Monday, July 29, 2013

One hard bastard; Mattias Tannhauser

I usually don't blog about a book before I've finished reading it, but for Tim Willocks and his incredible character, Mattias Tannhauser, I will make an exception.


The sequel to The Religion has arrived.  At least, it has arrived in the UK.  It's not clear if it will get North America distribution.  I ordered mine from Amazon.co.uk.  As I reported when I reviewed The Religion, I wouldn't wait for the remainder bin this time around.

The Twelve Children of Paris takes place during St. Bartholomew's Day Massacre.  Tannhauser arrives in Paris to find his (very pregnant) wife, who traveled to the city to attend a wedding while Tannhauser was away.  Tannhauser quickly finds himself in the heart of the city, and in the center of a spider web of court and political intrigue and madness.  As the killings begin, Tannhauser must locate his wife and save his stepson from the spreading riots and chaos.

Here's an idea of what the reader can expect;


I don't know - does that poster count as a "spoiler"? ;)

Before you think it's all about the violence, it's not.  The violence is not gratuitous - it's brutal and unflinching, but it's true to the tale.  Tannhauser lives in a violent time, and violent world, and he is one the most dangerous men of the time.  The violence is intrinsic to his existence and integral to the story.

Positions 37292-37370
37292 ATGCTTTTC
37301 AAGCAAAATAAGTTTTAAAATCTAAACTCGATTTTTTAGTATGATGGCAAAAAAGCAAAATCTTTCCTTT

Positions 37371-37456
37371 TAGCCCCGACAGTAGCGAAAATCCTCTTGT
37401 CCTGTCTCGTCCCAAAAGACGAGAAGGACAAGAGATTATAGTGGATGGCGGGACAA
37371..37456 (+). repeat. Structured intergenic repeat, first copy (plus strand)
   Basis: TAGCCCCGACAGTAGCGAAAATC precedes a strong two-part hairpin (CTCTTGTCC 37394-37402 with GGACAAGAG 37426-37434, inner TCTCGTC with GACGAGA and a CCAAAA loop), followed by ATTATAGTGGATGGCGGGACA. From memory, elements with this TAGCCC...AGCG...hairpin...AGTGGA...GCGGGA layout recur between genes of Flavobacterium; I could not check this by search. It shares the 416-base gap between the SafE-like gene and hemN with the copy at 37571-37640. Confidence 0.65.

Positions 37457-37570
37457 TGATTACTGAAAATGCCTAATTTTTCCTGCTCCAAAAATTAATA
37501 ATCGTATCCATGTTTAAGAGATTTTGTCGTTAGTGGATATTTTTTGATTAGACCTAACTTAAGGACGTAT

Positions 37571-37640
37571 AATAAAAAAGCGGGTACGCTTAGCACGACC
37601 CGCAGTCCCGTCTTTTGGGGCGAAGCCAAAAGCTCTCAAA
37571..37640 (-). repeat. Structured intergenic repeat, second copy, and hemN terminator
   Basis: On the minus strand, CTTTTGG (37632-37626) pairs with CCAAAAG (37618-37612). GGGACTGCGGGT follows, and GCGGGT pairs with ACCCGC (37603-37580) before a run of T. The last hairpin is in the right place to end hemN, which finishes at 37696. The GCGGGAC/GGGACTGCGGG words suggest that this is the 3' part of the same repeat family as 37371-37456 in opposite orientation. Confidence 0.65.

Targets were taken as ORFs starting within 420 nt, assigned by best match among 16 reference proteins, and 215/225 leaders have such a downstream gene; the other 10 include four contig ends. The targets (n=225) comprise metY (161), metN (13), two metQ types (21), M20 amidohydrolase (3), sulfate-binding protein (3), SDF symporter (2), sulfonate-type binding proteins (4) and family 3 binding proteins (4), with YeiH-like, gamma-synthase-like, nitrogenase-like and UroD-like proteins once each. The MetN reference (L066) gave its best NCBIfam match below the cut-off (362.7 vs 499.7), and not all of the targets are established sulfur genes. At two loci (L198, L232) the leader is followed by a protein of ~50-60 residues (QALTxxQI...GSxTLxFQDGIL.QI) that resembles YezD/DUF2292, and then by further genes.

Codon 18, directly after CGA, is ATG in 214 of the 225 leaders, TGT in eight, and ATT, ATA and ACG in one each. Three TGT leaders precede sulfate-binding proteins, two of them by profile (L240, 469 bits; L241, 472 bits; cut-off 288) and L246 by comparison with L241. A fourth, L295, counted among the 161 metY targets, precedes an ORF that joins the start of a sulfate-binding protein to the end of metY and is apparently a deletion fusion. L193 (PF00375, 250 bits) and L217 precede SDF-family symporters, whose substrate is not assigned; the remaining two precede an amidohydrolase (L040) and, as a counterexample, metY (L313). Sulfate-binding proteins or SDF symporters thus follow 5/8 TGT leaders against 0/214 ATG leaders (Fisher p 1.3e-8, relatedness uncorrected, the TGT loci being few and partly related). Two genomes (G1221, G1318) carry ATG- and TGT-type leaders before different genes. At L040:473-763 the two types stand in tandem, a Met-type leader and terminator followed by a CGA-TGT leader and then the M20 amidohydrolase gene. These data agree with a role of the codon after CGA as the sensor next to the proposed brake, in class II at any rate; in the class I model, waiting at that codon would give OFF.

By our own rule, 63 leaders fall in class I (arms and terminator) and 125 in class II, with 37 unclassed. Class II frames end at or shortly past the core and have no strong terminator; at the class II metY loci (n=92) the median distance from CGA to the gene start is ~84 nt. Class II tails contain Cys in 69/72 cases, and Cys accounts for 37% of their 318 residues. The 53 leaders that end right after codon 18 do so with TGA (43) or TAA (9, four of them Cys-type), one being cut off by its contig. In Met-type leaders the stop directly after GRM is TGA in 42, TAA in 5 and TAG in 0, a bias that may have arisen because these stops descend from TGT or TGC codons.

The Religion took place over many locales and months, making it a sweeping epic.  The Twelve Children of Paris is more condensed, staying in Paris for the 36 hours of the Massacre.  In some ways, that imparts even more intensity to the sequel than to the first novel.

I am having a blast reading this one!

(p.s. - It should be noted, that knowledge of The Religion and The Twelve Children of Paris existing at all leads back to Jim Cornelius.  If you don't already follow his wonderful, unique and informative historic blog, Frontier Partisans, you should check it out.)

7 comments:

  1. I'm going to have to check these out.

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  2. hum, sounds quite intriguing. I like the character already.

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  3. Seems cool. Frontier Partisans looks dynamite, too.

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  4. For some reason, I missed the part about Frontier Partisans the first time I read this. I second what Paul said about it. A terrific blog with some unique content.

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    1. I was post-editing the post to add the p.s. when you first replied, Keith :)

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  5. I've got to get these, thanks Paul for spreading the word on good books.

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